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Documents reveal bias

We’re not surprised that the Interior Department wasn’t interested in hearing arguments against shrinking national monuments last year.

The Washington Post reported Monday that Interior Department officials dismissed evidence that monuments boosted tourism and spurred archaeological discoveries, instead emphasizing the value of logging, ranching and energy development that would be permitted if protections were removed.

President Donald Trump ordered Interior Secretary Ryan Zinke to review 27 national monuments, including the Cascade-Siskiyou National Monument. The president reduced the size of two monuments in Utah, but has taken no action on the Cascade-Siskiyou.

Documents released July 16 show Interior officials rejected material that supported keeping monuments intact in favor of evidence suggesting protections should be dismantled. The next day, officials removed the documents online and asked anyone who had downloaded the files to delete them.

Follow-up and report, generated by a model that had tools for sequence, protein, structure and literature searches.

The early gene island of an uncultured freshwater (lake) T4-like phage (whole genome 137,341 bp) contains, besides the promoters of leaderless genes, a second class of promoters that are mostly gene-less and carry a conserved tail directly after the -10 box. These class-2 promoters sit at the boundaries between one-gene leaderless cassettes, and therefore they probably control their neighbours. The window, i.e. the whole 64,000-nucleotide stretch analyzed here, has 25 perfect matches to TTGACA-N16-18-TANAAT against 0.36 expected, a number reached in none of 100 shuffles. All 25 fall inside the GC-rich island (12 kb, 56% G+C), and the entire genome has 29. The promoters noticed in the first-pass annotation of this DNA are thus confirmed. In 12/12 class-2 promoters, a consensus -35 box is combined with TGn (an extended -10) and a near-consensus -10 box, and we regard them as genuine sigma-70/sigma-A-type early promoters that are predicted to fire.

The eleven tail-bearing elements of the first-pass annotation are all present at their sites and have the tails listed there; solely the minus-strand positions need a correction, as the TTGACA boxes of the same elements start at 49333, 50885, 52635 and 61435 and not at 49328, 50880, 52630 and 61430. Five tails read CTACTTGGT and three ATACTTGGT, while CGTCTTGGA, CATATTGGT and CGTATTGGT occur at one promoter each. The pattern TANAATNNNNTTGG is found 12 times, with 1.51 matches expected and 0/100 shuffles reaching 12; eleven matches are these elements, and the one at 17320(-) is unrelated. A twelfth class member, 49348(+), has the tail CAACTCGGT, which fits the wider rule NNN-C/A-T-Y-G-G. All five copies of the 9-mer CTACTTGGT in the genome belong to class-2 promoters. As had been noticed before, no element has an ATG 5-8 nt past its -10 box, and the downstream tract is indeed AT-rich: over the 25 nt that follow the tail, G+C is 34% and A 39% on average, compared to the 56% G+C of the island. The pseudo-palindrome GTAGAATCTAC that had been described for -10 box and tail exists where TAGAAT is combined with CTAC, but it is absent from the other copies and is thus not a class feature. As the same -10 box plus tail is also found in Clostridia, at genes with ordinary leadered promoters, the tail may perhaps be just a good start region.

Although some documents may have been exempt from disclosure, that doesn’t forbid an agency from releasing the information anyway, or bar publication of the documents once they were released.

It’s easy to see why the department wanted to take back the first release, because the redacted versions subsequently made public reveal what officials wanted to hide. In the case of the Cascade-Siskiyou, that included a statement from an acting deputy director that “previous timber sale planning and development can be immediately resumed” if the monument expansion were revoked.

Public records law allows exemptions for internal communications that are part of a deliberative process. But in this case, it appears the deliberation was slanted to justify a particular decision.